Why do some people prefer industrial PCs over commercial ones? The answer to this is that industrial computers now occupy an important spot on the manufacturing floor because they are better in so many ways. From making it possible to run powerful automation software to running data acquisition and other complex applications and processes, these systems are worth their immense popularity.
Surprisingly though, their construction is similar to that of a commercial PC. Both types of computers have a motherboard, storage media, CPU, expansion slots, and RAM, as their hardware components. Similarly, both of them are used for receiving, storing and processing information using the instructions from software or program to perform a sequence of operations.
If this is true, what makes them so different? Consider the following factors:
Not every computer will survive in every environment
The problem with commercial computers is that they have been designed to function within a narrow range of environmental conditions. This includes humidity (low) and temperature (moderate). If you need a computer for a clean office environment where temperature and humidity are maintained round the clock, then the commercial computer is an ideal choice.
However, if you are considering taking your computer with you to a rugged location, then you’d need something more reliable and resilient. An industrial computer is capable of handling a much broader temperature range. Besides this, it has a higher resistance to moisture, dirt, corrosive substances, dust, vibrations, and shocks. Unlike the Single Board Computer, a commercial computer also needs more power to function. It gets heated up during use, which is why it is fitted with fans.
Regarding the environments that industrial computers are used in, they can be subjected to continual vibrations from working machinery. Thus, they are designed to be physically rugged themselves. Their shock and vibration tolerance ranges are 5 g and 0.5 g, respectively. On the other hand, a commercial computer doesn’t come with a shock or vibration rating.
Some brands even install their computers inside a steel or aluminum enclosure. It acts as an additional layer of protection. Commercial computers are only protected by plastic or lightweight metal enclosures. Thus, they aren’t capable of functioning in environments where vibrations or shocks are distinct possibilities. Their internal parts will become too damaged for them to keep operating in such a place.
The cost of a computer is different from what you pay for
When compared to a commercial grade computer, an industrial computer costs much more! It is probably due to the high specifications which allow it to operate in any environment that makes this computer so pricey.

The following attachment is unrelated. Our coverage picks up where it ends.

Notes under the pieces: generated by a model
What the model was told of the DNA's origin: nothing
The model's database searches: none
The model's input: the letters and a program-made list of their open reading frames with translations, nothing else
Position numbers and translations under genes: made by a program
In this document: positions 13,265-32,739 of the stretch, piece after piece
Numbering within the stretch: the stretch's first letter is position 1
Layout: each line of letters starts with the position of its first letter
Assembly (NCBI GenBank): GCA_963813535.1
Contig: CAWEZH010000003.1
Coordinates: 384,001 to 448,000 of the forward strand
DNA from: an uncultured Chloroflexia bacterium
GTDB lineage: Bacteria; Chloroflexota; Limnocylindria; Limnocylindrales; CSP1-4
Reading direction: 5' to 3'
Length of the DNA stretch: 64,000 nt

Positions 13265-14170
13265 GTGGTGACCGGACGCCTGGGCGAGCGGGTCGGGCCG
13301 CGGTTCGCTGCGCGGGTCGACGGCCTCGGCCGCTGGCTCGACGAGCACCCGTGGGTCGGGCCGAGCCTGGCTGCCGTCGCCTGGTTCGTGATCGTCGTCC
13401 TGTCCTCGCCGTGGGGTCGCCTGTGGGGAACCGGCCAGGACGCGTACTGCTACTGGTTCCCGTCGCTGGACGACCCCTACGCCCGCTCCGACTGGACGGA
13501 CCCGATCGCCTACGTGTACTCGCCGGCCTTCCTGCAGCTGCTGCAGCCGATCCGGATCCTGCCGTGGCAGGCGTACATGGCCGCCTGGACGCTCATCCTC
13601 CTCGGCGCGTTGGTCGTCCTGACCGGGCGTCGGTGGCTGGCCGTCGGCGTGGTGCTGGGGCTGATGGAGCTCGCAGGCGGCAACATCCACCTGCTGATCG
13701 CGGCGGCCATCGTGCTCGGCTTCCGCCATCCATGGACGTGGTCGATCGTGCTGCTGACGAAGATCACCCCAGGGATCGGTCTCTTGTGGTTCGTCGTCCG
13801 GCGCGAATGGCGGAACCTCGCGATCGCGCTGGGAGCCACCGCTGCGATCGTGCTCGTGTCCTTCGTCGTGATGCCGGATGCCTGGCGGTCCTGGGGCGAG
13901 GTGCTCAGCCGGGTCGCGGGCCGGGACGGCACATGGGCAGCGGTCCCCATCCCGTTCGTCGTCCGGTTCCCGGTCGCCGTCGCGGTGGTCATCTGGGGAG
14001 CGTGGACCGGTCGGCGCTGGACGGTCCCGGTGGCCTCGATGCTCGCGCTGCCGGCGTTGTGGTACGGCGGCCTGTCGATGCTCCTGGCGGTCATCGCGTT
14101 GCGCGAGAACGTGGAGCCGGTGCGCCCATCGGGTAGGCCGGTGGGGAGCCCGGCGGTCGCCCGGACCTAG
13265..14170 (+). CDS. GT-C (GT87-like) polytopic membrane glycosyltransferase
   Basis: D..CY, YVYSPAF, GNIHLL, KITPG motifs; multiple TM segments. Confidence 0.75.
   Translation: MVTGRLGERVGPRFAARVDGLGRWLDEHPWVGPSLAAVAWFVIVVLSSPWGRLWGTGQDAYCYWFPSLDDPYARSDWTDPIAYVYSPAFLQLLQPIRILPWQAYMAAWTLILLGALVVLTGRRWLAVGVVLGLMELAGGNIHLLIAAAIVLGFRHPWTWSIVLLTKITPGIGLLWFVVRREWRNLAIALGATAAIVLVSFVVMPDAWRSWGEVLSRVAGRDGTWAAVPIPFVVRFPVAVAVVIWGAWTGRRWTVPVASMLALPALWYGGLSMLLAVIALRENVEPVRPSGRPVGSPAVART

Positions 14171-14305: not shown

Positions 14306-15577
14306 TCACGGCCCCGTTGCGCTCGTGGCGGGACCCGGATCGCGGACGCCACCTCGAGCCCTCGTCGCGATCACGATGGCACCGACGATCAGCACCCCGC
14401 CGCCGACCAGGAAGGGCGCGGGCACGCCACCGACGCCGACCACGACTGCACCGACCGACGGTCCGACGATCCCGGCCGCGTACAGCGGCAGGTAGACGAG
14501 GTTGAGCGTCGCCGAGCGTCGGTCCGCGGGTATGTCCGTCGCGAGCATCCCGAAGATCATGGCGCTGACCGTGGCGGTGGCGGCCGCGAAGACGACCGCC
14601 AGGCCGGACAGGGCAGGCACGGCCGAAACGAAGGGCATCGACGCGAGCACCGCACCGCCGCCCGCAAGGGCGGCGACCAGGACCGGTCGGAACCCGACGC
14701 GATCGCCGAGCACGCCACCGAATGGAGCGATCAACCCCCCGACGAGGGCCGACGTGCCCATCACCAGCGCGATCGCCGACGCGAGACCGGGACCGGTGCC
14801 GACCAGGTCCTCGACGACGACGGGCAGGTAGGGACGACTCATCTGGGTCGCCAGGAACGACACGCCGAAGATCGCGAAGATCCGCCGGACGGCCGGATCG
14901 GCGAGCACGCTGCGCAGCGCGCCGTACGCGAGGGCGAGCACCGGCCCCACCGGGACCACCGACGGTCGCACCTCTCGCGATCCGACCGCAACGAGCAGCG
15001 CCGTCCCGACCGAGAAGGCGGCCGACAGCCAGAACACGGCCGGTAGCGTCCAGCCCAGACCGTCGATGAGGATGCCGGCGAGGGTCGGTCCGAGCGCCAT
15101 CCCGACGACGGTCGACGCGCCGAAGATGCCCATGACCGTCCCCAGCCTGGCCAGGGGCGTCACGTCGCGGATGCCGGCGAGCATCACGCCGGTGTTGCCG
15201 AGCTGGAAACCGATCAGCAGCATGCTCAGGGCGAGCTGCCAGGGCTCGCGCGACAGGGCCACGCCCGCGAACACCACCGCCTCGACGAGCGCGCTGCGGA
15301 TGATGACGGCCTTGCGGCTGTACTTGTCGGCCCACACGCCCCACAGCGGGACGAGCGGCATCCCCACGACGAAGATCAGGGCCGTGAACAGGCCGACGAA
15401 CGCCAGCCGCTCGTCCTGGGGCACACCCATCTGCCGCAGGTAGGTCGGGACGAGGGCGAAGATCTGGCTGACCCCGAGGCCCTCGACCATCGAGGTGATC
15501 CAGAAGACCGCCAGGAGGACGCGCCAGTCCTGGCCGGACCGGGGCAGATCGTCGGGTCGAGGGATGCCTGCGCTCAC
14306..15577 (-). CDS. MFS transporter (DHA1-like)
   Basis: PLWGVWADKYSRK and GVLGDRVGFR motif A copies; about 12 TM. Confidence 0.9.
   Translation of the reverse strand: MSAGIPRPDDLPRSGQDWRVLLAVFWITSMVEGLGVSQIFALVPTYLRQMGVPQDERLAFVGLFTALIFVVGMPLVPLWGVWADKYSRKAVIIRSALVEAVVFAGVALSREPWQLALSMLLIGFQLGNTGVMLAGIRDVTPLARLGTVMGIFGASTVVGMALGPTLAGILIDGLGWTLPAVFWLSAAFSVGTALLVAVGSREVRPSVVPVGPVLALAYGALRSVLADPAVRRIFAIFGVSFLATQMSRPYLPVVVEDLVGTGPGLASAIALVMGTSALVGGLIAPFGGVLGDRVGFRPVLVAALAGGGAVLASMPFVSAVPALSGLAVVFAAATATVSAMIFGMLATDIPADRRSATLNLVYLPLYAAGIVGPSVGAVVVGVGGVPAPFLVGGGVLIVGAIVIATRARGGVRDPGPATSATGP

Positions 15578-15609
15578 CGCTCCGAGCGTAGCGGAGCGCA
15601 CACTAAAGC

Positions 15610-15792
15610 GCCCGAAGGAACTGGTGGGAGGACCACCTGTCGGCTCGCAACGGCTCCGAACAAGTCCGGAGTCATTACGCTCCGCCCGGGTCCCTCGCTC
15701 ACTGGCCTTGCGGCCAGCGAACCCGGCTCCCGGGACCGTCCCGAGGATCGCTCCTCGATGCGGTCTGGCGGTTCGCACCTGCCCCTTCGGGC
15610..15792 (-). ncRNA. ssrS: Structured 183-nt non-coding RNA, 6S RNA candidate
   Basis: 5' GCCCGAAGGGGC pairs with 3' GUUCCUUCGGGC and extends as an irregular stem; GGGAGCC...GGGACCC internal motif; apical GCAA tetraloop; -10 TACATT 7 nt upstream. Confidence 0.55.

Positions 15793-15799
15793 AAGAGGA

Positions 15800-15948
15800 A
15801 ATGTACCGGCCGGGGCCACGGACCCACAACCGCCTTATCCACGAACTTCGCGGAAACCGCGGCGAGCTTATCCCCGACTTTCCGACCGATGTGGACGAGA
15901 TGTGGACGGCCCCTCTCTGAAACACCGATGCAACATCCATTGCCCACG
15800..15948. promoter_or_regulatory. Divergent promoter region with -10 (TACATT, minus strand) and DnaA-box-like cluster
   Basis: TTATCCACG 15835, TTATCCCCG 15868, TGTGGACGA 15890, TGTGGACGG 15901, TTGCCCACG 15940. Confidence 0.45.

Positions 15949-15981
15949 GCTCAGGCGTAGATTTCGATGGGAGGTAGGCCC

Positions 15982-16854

Some industrial environment players will keep using commercial grade products that they can replace after the first ones break down. This might be cheaper, but it is also a short-sighted plan. This is because price and ownership costs are two different things.
When you buy commercial grade computers, you also pay for:
- How much the new unit will cost you if the existing unit fails
- The significantly higher amount of maintenance costs and resources that you will pay during the replacement and installation of the faulty units
- The loss of business during the downtime between each replacement
- Training someone in case manufacture of the existing model has been ceased
- Mounting solutions due to lack of a standard setting
An industrial product will provide a significantly lower total cost of ownership.
Unlike the industrial computer, a commercial motherboard doesn’t have a design that is friendly to customization. Thus, it cannot fulfill the market demands in this aspect. The industrial sector has an advantage with many flexible industrial motherboards being available. They are produced to meet customers’ individual needs.
For instance, many industrial computers can have parts added or removed from them. This is even applicable to machines that have been in use. This allows them a high degree of flexibility that isn’t found in commercial computers. Thus, the user can construct systems as they see fit according to their requirements.
Another aspect of the flexible nature is that they can be moved around applications. Equipped with an easy access screw, some industrial computers can be opened and closed quickly by techs who can swap the cards within. Thus, if a computer isn’t useful in one department, this flexibility allows techs to use them for some other relevant purpose.
If we are to make smart manufacturing a reality, then we need the right equipment starting from the industrial floor. Since commercial or desktop computers won’t survive a rigorous environment, they cannot regulate the workflow in such surroundings. When businesses are willing to pay a bit more, they can enjoy the reliability and upgradeability that an industrial computer has to offer.